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Proliferative Myositis: A Rare Pseudosarcoma in Children | OMICS International
ISSN: 2165-7920
Journal of Clinical Case Reports
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Proliferative Myositis: A Rare Pseudosarcoma in Children

Acharya AS*, Kulkarni RV, Patrikeand SB and SG Nair
Department of Pathology, M I M S R Medical College and Y C R Hospital, Latur, India
Corresponding Author : Acharya AS
Department of Pathology
M.I.M.S.R medical college and Y.C.R Hospital Latur, India
Tel: 9404651225
E-mail: [email protected]
Received December 10, 2014; Accepted January 24, 2015; Published January 26, 2015
Citation: Acharya AS, Kulkarni RV, Patrikeand SB, SG Nair (2015) Proliferative Myositis: A Rare Pseudosarcoma in Children. J Clin Case Rep 5:487. doi:10.4172/2165-7920.1000487
Copyright: © 2015 Acharya AS, et al. This is an open-access article distributed under the terms of the Creative Commons Attribution License, which permits unrestricted use, distribution, and reproduction in any medium, provided the original author and source are credited.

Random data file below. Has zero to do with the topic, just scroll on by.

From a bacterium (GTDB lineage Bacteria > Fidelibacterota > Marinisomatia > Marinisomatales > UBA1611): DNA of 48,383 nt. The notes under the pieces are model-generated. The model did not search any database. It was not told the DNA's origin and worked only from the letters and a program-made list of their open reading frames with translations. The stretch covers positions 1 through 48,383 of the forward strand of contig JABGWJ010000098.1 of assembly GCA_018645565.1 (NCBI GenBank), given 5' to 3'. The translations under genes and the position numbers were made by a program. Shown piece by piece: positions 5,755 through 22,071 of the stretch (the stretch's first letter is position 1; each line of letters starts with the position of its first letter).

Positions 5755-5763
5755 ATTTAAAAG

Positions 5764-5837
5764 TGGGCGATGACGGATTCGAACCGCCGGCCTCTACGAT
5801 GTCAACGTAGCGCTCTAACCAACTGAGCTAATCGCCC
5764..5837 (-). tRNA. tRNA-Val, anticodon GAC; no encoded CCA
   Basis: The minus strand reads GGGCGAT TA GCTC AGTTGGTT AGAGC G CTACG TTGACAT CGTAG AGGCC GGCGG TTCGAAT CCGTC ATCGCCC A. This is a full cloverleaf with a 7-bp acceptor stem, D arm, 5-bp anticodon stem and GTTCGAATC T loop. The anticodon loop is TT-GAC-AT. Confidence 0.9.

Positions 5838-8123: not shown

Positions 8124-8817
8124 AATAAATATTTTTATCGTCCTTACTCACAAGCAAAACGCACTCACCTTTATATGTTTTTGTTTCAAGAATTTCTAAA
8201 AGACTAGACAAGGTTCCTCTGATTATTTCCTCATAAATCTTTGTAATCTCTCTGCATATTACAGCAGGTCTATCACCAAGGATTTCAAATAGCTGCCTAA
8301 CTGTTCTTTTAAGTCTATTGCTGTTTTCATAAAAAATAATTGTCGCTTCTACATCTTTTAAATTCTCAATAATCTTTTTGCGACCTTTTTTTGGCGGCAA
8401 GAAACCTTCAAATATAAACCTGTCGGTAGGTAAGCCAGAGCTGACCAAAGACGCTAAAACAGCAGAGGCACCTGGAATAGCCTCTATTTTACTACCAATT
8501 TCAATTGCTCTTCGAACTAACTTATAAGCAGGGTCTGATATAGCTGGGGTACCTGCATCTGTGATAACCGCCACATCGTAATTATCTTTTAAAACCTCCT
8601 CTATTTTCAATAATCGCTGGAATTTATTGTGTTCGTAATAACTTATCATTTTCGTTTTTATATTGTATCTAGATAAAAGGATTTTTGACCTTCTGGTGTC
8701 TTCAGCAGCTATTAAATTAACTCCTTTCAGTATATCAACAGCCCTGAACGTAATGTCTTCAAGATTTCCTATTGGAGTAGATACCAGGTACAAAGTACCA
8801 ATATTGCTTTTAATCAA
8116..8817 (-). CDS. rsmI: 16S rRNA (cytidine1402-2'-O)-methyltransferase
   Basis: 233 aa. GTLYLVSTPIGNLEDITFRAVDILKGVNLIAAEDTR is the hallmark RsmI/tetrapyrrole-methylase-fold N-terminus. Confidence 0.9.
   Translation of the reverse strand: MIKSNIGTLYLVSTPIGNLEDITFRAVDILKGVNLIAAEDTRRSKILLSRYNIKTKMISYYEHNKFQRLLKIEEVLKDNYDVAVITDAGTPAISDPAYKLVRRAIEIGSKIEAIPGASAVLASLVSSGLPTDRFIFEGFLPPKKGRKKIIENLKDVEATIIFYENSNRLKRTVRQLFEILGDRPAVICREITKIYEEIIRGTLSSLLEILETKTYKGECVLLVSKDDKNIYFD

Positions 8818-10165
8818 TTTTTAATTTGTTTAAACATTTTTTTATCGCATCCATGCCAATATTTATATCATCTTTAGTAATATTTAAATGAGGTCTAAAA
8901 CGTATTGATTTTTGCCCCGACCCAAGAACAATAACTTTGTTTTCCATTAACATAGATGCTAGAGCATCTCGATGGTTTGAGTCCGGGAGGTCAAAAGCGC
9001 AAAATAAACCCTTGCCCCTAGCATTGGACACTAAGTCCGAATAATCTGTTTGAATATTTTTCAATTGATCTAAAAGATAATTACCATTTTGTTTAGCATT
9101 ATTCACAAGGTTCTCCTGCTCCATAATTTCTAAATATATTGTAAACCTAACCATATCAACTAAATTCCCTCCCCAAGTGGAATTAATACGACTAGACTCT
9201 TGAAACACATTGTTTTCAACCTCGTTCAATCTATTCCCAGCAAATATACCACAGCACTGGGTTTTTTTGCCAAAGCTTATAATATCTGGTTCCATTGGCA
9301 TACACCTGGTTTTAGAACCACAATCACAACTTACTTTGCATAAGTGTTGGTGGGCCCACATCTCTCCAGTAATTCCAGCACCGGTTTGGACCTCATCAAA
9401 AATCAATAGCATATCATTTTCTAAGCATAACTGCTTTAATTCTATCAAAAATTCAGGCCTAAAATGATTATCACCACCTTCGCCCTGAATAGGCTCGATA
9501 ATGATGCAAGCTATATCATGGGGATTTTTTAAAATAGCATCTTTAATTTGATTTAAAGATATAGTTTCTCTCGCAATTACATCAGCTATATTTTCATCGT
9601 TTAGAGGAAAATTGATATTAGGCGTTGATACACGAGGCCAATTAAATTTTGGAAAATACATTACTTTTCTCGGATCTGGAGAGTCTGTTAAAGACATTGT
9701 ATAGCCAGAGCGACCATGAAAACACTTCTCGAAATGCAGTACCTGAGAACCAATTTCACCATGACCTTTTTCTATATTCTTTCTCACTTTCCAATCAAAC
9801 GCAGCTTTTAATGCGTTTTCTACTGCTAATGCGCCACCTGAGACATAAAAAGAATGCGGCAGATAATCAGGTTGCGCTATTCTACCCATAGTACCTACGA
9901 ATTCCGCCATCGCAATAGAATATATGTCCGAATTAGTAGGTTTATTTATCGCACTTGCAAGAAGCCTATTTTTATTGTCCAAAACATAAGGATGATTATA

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Proliferative myositis is one of several benign, rapidly enlarging tumours of soft tissue that are often confused with sarcoma. We present an unusual case of proliferative myositis in a 7 year female involving right submandibular region. Proliferative myositis is a rare, inflammatory tumour that is often misdiagnosed as sarcoma. The clinical course of proliferative myositis is benign, and simple excision is curative.

Child; Proliferative myositis; Pseudosarcoma
Proliferative Myositis (PM), first described by Kern in 1960, is a rare pseudosarcomatous lesion with special predilection for trunk and upper extremities, though it rarely involves the head and neck region [1]. Majority of the patients are over the age of 45 years, but it may be seen in children also [2]. Its rapid growth and bizarre microscopic appearance often lead to misdiagnosis of soft tissue sarcoma [3]. Herein, we are reporting a similar interesting case of proliferative myositis in female child, diagnosed on histopathology.
Case Report
A 7 year old female child was admitted in YCR hospital, Latur with complaint of painless swelling in right submandibular region, since last 3 months. The patient had no history of trauma. On physical examination, immobile mass measuring 4 × 4 cm was palpated in right submandibular region. The lump was not fixed to overlying skin and fixed to deeper tissue. It did not appear to be inflamed. Laboratory examination revealed leucocytosis with a White Blood Cell count of 13,200/mm3.